The accused, James Meehan and Patrick Meehan, are brothers. James lived at 15 Edenmore Grove, Raheny, Dublin, with two of his sisters, Ellen and Jean. Crosbie lived beside the Meehans, at 17 Edenmore Grove, Raheny: Patrick Meehan did not live in Raheny. James Meehan's two sisters worked in a café at Burgh Quay and in May, 1965, a man called Christopher Meier, who went to this café, had been offensive to them. They complained about this to James and Patrick Meehan and to Crosbie and on Wednesday, the 19th May, Crosbie assaulted Meier at the Labour Exchange in Gardiner Street. Crosbie intended to go to England on the evening of Friday, the 21st May, and the two Meehans, William Bolger and he decided that they would attack Meier in the read room on the Friday morning, the 21st May, when they knew he would be there. The four of them met on Friday morning and went into the read room. Crosbie was carrying a knife but there was no evidence that any of the other three accused knew this. James Meehan had a spanner which he described in his statement as being about a foot long and which he said he had "to defend myself."

It is now necessary to give a description of the read room. There are three entrances into it, two on the east side and one on the west side. The two on the east are at the northern and southern ends of the east side while the entrance on the west side (called the stevedores' door) is approached through a porch which is a small room at the south-west corner with doors on the north and south side of it. The two doors on the eastern side were sliding doors, while the stevedores' door was on hinges. The porch was five feet by four feet and the northern and southern doors in it were closed throughout the fight. The read room was 75 feet, 6 inches, long and 68 feet wide. There are four stands in the room and from these the representatives of the stevedores, having climbed some steps, read the names of the dockers. Crosbie entered the read room by the lower door on the east side when Meier was...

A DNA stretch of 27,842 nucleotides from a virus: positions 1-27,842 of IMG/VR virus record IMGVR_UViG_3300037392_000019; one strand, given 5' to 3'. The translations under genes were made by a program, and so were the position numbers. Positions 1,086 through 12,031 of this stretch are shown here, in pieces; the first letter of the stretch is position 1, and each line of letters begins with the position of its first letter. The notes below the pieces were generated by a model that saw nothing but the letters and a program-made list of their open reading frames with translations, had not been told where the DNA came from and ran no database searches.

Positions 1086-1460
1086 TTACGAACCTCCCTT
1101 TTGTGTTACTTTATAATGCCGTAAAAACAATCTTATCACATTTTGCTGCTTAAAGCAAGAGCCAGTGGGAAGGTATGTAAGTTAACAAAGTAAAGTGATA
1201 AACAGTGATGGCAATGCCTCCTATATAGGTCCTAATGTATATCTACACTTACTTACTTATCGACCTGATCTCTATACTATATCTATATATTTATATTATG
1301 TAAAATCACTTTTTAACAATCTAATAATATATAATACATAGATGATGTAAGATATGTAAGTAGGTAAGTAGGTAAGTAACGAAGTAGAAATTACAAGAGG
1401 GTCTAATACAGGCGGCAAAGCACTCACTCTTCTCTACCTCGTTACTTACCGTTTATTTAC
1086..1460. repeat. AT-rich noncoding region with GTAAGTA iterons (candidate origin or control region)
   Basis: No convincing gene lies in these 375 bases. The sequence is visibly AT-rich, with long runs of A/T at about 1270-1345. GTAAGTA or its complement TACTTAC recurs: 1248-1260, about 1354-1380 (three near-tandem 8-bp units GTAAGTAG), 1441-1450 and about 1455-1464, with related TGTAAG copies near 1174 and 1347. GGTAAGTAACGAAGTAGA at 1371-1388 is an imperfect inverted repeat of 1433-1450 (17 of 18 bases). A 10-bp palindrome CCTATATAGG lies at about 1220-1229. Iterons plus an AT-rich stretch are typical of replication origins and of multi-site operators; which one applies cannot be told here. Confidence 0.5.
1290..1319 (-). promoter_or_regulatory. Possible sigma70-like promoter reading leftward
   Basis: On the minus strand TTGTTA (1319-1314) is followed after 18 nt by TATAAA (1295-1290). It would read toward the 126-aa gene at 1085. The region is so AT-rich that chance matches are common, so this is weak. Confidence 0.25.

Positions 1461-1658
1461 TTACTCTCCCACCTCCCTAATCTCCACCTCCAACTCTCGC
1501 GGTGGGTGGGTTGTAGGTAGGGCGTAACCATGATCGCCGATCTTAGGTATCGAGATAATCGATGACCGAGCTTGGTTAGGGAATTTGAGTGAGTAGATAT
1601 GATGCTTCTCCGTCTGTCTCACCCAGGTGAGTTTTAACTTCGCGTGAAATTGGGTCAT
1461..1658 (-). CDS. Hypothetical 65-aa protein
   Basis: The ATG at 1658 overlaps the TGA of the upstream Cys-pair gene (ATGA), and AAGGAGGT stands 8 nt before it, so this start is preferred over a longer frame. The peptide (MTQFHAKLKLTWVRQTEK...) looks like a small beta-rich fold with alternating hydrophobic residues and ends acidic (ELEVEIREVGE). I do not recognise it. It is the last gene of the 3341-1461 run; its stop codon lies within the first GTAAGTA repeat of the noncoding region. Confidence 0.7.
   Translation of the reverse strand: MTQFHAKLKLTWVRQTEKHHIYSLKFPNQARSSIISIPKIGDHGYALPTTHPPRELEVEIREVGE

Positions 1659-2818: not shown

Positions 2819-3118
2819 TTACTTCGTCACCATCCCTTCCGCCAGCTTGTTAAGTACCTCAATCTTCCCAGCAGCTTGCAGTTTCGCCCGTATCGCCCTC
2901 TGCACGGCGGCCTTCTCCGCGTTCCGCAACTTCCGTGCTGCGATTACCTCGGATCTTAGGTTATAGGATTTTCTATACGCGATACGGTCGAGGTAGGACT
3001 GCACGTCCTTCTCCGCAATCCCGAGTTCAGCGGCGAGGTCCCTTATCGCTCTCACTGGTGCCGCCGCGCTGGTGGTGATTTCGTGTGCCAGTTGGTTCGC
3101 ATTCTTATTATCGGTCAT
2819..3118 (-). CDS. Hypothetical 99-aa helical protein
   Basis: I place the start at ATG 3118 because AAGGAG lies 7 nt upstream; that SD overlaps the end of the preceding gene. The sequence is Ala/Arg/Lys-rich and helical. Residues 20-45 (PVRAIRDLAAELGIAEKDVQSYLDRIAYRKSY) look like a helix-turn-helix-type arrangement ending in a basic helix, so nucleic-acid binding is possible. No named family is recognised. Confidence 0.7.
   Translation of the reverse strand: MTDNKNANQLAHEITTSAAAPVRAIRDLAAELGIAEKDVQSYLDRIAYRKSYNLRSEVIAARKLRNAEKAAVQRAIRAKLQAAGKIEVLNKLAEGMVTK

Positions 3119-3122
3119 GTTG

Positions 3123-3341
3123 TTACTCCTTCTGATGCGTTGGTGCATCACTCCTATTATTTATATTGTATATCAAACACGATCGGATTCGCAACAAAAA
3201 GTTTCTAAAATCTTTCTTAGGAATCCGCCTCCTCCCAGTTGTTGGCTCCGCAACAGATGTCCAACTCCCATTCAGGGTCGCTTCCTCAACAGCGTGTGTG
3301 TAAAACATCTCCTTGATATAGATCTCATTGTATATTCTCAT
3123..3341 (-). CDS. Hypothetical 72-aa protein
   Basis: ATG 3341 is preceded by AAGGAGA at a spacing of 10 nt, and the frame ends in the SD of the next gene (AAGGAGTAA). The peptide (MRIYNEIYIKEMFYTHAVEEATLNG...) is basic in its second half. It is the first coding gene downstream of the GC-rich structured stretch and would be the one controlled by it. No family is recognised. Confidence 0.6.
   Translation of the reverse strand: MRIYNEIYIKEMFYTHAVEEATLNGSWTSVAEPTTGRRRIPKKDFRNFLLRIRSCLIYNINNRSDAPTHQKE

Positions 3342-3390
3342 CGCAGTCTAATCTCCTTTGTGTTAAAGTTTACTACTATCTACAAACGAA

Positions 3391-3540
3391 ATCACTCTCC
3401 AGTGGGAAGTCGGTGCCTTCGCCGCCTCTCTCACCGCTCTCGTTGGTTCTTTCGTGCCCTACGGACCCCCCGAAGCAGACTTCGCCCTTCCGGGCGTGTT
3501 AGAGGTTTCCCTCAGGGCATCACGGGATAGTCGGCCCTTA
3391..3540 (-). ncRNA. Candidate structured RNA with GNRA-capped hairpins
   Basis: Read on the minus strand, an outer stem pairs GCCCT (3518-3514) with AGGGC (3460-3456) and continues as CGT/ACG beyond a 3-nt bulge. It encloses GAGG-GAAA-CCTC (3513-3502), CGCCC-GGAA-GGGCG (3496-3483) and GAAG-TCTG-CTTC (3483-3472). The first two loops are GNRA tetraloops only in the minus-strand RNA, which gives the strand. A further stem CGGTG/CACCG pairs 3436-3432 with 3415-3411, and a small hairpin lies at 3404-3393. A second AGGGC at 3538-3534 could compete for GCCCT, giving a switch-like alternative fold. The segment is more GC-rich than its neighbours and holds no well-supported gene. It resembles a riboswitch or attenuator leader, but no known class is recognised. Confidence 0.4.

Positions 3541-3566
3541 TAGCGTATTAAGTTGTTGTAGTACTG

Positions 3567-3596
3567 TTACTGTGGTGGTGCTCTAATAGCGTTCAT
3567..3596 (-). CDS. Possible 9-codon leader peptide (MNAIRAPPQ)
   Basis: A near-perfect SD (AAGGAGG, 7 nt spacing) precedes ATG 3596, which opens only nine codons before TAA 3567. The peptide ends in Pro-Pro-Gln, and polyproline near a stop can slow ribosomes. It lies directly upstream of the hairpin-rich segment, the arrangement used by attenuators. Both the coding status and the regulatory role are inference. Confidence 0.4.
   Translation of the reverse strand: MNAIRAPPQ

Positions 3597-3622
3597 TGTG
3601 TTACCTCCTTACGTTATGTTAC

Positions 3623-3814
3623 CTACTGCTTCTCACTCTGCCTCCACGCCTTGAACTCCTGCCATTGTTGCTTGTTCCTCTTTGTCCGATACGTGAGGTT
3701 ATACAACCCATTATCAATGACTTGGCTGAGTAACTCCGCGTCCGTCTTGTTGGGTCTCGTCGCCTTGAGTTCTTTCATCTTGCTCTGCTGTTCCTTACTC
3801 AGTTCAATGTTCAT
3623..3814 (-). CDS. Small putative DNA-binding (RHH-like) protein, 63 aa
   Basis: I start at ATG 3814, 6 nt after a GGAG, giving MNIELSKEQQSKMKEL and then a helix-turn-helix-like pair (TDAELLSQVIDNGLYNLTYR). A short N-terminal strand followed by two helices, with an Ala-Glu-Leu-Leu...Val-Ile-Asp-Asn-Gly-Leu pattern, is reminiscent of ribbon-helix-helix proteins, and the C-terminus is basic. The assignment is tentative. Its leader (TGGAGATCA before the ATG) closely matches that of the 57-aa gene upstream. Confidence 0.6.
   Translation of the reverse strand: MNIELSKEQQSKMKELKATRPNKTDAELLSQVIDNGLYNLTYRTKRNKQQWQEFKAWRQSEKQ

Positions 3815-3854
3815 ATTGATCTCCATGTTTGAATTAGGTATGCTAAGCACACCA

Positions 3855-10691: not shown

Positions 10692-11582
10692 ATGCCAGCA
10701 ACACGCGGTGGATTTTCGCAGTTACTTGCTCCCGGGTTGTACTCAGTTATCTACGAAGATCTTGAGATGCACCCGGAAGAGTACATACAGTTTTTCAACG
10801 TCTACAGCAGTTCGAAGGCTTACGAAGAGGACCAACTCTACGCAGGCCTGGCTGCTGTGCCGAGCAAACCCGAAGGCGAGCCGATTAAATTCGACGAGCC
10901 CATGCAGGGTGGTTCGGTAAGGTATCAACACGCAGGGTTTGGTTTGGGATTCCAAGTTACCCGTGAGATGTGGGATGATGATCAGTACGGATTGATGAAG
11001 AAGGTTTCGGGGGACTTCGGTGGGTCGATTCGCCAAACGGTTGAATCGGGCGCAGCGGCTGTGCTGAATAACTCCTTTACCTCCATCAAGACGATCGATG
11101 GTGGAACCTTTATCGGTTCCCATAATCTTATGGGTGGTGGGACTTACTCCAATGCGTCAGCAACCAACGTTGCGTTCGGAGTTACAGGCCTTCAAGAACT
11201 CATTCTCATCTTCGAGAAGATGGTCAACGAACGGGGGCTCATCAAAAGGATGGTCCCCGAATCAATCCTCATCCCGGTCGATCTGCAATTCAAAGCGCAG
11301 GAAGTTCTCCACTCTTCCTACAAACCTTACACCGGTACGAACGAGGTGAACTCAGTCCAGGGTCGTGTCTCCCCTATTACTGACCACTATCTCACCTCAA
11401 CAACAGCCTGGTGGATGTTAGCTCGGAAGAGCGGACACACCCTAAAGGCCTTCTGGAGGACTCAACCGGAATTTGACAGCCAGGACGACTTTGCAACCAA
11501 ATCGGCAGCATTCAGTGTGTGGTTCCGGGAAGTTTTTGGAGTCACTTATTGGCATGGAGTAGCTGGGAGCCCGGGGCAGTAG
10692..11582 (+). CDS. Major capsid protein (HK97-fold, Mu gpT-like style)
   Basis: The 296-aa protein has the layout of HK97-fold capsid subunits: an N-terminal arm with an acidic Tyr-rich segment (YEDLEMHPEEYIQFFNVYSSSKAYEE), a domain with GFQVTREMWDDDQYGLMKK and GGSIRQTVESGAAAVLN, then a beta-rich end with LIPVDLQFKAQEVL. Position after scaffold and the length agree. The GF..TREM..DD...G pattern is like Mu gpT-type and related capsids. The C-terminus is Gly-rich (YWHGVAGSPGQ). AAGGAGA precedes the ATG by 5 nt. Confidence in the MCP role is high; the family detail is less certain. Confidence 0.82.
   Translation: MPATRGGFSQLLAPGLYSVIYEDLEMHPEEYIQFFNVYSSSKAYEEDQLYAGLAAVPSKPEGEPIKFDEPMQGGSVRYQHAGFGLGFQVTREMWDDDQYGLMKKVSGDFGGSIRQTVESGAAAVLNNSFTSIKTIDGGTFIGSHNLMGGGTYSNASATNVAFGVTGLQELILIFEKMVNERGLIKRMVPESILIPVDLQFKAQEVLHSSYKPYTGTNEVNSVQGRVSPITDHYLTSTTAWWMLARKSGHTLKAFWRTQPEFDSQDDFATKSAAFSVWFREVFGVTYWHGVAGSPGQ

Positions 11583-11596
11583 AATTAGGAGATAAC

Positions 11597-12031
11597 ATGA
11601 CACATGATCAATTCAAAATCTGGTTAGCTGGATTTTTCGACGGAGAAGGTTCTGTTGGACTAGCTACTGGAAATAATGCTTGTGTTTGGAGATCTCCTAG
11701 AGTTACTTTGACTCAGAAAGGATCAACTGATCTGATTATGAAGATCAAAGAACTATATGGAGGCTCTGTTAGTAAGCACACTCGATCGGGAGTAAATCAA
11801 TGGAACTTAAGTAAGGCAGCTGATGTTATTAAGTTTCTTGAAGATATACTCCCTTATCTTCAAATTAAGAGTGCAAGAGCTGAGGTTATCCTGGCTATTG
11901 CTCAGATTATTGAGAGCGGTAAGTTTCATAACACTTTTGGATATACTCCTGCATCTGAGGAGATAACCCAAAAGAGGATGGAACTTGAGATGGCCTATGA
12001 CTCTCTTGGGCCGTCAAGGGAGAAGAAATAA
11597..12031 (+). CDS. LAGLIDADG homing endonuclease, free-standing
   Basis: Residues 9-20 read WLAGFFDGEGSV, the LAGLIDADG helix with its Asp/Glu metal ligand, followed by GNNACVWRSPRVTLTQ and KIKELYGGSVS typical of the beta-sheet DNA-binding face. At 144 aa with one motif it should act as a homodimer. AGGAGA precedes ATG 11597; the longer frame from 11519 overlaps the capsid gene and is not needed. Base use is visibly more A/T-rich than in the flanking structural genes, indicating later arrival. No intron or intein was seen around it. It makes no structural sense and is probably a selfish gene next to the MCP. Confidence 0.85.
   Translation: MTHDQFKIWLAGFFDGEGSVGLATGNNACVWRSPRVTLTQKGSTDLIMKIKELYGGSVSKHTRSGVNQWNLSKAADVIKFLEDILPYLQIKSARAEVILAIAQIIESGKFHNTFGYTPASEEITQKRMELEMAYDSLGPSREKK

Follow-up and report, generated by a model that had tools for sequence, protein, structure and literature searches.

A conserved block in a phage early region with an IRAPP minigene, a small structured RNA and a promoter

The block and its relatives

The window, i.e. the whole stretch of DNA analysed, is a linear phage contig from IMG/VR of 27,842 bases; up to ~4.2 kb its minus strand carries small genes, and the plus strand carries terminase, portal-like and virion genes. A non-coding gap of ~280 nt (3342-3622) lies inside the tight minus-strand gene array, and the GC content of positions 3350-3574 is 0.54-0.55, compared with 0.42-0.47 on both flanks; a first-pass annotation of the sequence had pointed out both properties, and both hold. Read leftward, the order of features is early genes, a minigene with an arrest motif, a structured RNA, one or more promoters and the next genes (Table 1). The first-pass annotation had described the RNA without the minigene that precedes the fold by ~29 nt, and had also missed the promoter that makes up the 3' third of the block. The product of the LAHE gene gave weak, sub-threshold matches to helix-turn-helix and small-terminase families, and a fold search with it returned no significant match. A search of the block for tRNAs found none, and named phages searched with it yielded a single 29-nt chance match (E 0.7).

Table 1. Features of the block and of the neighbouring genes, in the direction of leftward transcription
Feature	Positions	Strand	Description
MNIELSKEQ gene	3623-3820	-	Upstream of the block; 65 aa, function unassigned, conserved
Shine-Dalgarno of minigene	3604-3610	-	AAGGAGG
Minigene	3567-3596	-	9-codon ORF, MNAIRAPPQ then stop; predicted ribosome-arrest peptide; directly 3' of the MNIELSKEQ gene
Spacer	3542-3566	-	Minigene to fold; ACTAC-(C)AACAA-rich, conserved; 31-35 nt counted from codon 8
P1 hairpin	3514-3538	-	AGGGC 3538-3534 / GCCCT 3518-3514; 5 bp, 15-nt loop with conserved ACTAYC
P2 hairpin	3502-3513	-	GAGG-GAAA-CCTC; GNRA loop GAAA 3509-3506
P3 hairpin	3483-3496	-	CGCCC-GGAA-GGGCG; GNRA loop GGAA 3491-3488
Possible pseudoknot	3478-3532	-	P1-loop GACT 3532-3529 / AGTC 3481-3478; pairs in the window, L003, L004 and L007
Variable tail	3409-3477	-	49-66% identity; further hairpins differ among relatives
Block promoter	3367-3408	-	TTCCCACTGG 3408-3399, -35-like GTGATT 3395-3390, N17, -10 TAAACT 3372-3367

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14 cases
  • DPP v McCormack
    • Ireland
    • High Court
    • 17 Abril 2007
    ...fact, but merely evidence of what had been said to the gardaí. The Court of Criminal Appeal, relying on The People (A.G.) v. Crosbie (1961) 1 Frewen 231, held that a statement of the accused, once put in evidence by the prosecution, is to be treated as evidence of the facts stated. I quote ......
  • DPP v Keith Connorton
    • Ireland
    • Supreme Court
    • 28 Julio 2023
    ...on Evidence (Dublin, 1982) which references in this regard R v O'Connell (1845) 1 Cox CC 403 and The People (AG) v Crosbie and Meehan [1966] IR 490. 16 In concurring with the analysis offered by Woulfe J's principal judgment, only one case need be cited here. The “doctrine of res gestae is ......
  • DPP v MacEoin
    • Ireland
    • Court of Criminal Appeal
    • 17 Abril 1978
    ...less than manslaughter: it can never justify an acquittal. Cases mentioned in this report:— 1 The People (Attorney General) v. Crosbie [1966] I.R. 490, 495. 2 The People (Attorney General) v. Dwyer [1972] I.R. 416, 422. 3 Holmes v. Director of Public Prosecutions [1946] A.C. 588. 4 Attorney......
  • Minister for Justice and Equality v Harrison
    • Ireland
    • High Court
    • 24 Enero 2020
    ...manslaughter by a criminal and dangerous act, the respondent relies on the decision of the Supreme Court in The People (AG) v. Crosbie [1966] IR 490. In that case, Kenny J. stated:- “When a killing resulted from an unlawful act, the old law was that the unlawful quality of the act was suffi......